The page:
Now, I know that in the past I’ve talked about how I’d like to see Apple come out with a more IT-focused conference than the WWDC, even with its excellent Enterprise IT track.
However, please don’t take that to mean that tracks at Macworld and the WWDC are your only options here. There’s a third conference, not as well-known, but solid in terms of content, focus, and presenters. The Mac Networkers Retreat, held from October 9-11th at the Seascape Resort in Monterey Bay CA, is one of the only, if not the only 100 percent IT–focused Mac conferences out there. It’s also got bragging rights among all the Mac conferences for the title of “Best surroundings for a conference.” The Moscone is okay, but this location is really quite gorgeous.
Aside from location, the curriculum for the Retreat is top notch. Now in its third year, the Retreat is put on by the same people who design the conference tracks for Macworld Expo, and that experience is put to good use. Designed with the sysadmin’s internal clock in mind, the sessions and breakouts run from early afternoon to 10 pm.
The workshops start earlier, but when you only have two days to cover things like Introduction to Mac Forensics, Macintosh Deployment in The Enterprise and Active Directory/Open Directory Integration Including the Utilization of Synchronized Home Folders, well, you need to be up early. Two days just isn’t a lot of time. (Besides, on Oct. 10th, there’s a bonfire just before the breakout sessions. Any time you get a top IT conference with a bonfire, it’s a good thing.)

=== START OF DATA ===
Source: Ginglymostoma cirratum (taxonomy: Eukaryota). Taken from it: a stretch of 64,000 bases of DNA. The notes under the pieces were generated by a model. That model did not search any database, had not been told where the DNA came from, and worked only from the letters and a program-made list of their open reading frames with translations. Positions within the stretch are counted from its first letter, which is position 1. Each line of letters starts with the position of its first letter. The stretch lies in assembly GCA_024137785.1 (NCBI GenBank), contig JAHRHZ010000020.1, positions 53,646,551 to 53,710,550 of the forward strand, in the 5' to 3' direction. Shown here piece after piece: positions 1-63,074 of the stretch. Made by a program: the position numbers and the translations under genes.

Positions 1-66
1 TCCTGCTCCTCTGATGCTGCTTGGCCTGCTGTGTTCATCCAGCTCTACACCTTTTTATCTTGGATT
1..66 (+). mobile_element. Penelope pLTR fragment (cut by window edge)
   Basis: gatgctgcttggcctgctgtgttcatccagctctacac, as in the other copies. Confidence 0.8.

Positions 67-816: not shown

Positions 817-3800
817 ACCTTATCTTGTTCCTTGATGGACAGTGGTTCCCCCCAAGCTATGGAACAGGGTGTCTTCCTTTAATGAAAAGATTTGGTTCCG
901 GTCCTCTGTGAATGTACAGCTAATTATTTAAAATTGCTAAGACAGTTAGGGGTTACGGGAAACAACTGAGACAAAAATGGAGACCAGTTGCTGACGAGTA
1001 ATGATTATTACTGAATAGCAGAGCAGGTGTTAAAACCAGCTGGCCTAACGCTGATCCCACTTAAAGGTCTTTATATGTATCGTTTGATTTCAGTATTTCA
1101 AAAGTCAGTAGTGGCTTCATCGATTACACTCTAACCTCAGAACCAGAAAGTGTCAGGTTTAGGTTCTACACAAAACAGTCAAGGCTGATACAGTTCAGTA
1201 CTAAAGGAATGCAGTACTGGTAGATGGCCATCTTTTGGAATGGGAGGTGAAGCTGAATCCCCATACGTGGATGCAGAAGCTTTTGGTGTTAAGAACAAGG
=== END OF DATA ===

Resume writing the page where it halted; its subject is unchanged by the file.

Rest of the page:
Sessions are no good without good speakers, and the Retreat excels here as well. People like Philip Rinehart and Lance Ogletree, both sysadmins, from Yale and Rice Universities respectively, or Schoun Regan, author of quite a few Apple and Peachpit books on Mac OS X Server, and one of the top Mac OS X Server trainers in the country. These three, and the other speakers, are all some of the best Mac IT people you’ll see at this or any other conference.
The total price for all of this? $995, which includes lunch and catered breaks. Compared to the cost of Macworld Expo, or the Apple WWDC, this is dirt cheap when you consider the content.
If the Mac Networkers Retreat seems a little different than most conferences, that’s deliberate. It’s really about the kind of learning and knowledge exchange that can happen when you have a smallish group of people in a relaxed atmosphere, without all the external distractions of places like San Francisco or New York. I’ve yet to ever hear any kind of negative review from anyone who’s gone to one, and it’s only unavoidable obligations on my part that keeps me from going this year.
If you’ve been wanting to get out and meet some of your peers, and pick up some solid, real-world knowledge, but don’t have a huge travel and training budget, the Mac Networkers Retreat is a great way to go.